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Thursday, April 24, 2008

Govt of India admits it has no strategy to deal with HIV-affected children

India’s health minister told the Lok Sabha recently that in the absence of proper data on the number of children affected by HIV/AIDS, there is no comprehensive care and treatment strategy for them.

Union Minister for Health and Family Welfare, Dr Anbumani Ramadoss told the Lok Sabha recently that so far India had no defined strategy to take care of children who have been affected by AIDS. He admitted that this was due to the fact that there was no data on HIV-affected children, particularly orphans and vulnerable children (OVC).

“In the absence of data regarding the number of infected and affected orphans and vulnerable children, no defined strategy could be formulated to target the specific group though these children are in as much need of government intervention as are the HIV-infected lot,” he said.

Although the National AIDS Control Organisation (NACO) has identified 32,803 HIV-positive children and provides support and treatment to 9,478 of them, the organisation finds it difficult to reach out to HIV-affected orphans.

“Keeping track of all HIV-affected orphans is a gigantic task,” says Dr Damoder Bachani, Joint Director, care, support and treatment division of NACO. “Once the parent/s of these HIV-affected children die or stop coming to us for treatment, we lose all contact with such children,” he adds.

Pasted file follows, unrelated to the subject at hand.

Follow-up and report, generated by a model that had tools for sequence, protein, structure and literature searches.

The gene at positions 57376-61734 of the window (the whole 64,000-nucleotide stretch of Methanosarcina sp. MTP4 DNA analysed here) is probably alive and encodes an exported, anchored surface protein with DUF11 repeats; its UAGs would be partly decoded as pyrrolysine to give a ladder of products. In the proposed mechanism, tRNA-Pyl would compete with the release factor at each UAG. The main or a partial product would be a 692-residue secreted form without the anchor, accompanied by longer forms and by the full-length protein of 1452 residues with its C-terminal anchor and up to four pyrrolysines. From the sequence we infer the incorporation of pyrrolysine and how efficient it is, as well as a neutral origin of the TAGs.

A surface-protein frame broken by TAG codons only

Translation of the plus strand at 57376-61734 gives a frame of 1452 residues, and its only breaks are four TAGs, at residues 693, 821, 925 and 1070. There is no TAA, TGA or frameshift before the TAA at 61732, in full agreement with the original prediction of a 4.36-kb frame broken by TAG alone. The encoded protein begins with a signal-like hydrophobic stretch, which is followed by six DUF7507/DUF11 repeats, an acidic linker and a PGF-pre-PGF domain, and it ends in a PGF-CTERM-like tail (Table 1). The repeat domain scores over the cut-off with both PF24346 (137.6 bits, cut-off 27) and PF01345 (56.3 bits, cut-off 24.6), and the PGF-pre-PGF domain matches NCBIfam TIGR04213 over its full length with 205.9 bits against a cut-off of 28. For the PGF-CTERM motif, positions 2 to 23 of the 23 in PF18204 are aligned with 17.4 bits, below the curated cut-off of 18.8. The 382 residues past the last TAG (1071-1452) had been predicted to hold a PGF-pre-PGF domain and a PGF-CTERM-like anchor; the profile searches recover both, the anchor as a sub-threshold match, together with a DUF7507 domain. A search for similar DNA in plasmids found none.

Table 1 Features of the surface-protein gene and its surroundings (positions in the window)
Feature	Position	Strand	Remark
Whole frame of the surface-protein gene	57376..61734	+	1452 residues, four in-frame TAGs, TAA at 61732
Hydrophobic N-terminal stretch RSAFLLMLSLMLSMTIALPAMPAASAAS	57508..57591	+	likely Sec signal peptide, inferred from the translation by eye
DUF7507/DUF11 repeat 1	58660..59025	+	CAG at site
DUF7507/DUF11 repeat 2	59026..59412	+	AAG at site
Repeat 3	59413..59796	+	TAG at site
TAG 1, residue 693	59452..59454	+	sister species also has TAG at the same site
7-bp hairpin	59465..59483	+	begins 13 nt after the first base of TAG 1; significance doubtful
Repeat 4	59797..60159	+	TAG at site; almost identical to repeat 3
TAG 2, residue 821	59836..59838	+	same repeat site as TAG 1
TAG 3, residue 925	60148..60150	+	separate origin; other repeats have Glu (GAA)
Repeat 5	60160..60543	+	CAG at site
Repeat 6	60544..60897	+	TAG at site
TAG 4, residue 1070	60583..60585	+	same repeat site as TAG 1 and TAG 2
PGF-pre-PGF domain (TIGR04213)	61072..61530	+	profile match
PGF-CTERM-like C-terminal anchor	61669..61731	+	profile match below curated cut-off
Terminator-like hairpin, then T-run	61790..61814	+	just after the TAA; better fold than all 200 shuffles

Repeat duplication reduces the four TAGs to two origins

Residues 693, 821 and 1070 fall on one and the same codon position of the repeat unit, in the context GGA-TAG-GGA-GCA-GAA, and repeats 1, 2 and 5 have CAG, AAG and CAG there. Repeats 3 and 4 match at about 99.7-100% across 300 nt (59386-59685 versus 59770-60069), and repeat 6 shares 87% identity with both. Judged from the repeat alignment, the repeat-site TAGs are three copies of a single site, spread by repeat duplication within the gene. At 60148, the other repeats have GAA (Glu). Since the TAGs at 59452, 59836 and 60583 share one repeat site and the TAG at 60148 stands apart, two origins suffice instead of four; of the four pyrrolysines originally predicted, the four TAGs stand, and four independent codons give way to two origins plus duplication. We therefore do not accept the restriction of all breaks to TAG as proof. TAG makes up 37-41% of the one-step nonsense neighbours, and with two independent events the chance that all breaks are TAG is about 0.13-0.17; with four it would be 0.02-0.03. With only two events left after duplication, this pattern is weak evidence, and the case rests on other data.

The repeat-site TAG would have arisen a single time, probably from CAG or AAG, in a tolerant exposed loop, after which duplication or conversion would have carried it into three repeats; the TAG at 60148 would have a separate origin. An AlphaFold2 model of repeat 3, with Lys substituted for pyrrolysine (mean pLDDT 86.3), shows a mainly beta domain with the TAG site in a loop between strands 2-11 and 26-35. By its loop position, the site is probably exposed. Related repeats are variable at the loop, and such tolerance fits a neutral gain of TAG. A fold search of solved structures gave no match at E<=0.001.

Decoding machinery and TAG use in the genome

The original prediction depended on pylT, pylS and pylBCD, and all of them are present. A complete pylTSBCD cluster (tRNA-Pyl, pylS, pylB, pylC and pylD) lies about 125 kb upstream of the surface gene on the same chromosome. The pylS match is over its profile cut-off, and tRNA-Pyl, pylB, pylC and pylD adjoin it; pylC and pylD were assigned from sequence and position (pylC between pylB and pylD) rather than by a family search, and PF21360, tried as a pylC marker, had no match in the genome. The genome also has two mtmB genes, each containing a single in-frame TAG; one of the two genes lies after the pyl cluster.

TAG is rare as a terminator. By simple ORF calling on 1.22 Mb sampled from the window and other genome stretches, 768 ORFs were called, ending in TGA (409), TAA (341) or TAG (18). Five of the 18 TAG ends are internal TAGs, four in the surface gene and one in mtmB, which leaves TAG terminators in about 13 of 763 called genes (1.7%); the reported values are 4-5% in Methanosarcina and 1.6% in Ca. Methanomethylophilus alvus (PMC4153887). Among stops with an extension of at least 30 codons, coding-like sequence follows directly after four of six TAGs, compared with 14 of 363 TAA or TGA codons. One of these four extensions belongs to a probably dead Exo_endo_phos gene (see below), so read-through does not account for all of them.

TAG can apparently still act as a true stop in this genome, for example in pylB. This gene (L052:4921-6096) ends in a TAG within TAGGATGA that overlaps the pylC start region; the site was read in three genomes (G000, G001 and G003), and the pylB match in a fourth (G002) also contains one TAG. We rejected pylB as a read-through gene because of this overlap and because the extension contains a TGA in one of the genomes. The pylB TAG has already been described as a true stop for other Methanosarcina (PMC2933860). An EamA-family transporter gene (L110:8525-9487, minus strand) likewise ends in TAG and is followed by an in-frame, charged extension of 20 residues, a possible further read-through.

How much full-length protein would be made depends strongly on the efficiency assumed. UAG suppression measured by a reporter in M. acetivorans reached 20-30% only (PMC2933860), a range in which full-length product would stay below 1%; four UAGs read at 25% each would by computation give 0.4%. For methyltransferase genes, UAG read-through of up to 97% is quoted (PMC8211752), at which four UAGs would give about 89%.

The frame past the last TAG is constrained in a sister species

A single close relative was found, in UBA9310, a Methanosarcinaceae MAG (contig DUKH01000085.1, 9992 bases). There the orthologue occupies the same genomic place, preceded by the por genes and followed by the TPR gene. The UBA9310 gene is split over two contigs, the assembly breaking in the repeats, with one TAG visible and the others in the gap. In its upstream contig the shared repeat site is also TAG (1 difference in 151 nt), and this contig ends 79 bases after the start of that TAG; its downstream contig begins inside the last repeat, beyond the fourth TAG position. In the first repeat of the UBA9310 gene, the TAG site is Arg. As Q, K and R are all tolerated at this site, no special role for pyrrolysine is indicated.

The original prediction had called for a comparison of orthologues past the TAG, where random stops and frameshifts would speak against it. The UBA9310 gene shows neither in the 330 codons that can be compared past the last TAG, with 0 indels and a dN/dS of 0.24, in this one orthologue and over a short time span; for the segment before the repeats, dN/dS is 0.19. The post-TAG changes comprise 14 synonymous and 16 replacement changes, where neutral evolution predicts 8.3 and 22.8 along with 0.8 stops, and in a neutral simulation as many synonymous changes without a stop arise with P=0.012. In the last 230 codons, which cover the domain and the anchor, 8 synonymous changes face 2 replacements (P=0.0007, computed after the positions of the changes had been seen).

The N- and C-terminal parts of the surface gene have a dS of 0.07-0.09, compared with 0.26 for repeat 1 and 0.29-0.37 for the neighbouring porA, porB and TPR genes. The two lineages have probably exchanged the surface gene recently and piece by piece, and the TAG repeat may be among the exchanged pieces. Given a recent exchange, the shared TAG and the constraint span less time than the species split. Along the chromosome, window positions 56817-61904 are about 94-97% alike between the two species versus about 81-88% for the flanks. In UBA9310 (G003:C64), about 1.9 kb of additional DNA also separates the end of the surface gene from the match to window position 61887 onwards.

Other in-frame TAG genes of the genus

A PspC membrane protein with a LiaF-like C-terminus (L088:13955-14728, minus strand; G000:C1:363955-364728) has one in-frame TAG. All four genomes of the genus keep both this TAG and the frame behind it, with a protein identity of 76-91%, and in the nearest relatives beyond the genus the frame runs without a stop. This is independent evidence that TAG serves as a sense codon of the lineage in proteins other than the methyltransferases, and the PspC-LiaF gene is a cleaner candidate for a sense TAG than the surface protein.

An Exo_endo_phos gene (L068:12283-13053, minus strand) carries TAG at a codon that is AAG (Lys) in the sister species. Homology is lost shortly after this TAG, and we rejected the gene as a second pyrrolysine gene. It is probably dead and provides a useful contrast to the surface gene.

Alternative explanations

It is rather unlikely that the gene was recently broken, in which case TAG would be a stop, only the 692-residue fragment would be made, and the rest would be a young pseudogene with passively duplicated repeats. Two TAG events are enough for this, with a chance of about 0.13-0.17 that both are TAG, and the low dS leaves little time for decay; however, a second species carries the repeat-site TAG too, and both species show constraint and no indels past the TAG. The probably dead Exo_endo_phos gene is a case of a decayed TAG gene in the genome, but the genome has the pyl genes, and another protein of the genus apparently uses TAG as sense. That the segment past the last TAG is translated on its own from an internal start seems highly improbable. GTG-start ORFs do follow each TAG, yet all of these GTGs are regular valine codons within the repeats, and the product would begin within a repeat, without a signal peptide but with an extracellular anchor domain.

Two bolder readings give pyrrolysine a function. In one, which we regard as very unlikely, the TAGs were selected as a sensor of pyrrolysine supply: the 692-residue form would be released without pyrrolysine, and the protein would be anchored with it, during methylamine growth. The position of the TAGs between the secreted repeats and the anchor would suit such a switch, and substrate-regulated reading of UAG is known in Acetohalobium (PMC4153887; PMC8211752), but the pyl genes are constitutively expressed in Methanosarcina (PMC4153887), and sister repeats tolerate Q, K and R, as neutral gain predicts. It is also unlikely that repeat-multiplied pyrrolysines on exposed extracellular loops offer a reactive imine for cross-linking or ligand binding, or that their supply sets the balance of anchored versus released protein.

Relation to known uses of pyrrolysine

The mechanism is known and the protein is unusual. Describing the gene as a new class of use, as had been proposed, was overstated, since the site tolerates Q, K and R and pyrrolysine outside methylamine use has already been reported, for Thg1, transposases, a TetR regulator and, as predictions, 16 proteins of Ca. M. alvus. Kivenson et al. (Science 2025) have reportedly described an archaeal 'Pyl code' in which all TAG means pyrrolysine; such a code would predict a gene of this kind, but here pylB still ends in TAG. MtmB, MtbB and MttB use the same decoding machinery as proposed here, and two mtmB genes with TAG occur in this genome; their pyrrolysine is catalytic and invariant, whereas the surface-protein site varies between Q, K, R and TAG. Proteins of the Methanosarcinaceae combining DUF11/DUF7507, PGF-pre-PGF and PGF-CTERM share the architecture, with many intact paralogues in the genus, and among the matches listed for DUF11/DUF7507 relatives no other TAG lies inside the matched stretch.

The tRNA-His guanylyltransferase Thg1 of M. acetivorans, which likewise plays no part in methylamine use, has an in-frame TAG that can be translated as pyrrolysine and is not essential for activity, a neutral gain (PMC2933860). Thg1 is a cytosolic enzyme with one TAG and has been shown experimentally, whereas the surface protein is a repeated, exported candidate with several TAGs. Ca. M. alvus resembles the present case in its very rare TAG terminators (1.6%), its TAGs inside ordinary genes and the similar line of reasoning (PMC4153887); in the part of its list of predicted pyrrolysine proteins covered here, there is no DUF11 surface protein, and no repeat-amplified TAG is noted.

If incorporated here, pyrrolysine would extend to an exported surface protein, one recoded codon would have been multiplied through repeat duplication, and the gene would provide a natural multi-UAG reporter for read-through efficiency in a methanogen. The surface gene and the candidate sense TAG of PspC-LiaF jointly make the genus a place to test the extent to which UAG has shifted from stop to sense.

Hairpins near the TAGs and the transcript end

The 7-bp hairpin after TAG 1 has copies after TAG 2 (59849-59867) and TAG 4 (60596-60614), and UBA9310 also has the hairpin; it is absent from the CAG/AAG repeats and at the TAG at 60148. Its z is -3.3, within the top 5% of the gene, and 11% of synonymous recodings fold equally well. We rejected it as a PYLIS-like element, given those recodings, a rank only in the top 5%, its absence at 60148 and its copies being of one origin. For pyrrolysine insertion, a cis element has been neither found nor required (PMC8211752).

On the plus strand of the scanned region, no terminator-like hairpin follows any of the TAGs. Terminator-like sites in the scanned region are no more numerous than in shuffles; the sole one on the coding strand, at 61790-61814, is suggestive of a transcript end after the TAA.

Under Phase III of the National AIDS Control Programme (NACP-III), 2007-2012, two initiatives were launched: provision of a specific paediatric fixed-dose combination of antiretroviral drugs to infected children, and access to a corpus of $ 14 million from the Global Fund for AIDS, TB and Malaria Round-IV, in 2007-08, for providing a package of services including medical care for opportunistic infections, psycho-social support, supplementary nutrition, education, etc, over a period of five years.

These interventions also target infected and affected children, including orphans, according to a statement from the government. The programme aims to reach 65,000 children by 2012. Of these, 5,500 children have been taken care of, and NACP-III is expected to provide assistance to 9,500 more children by the end of the year, said the report tabled in the Lok Sabha.


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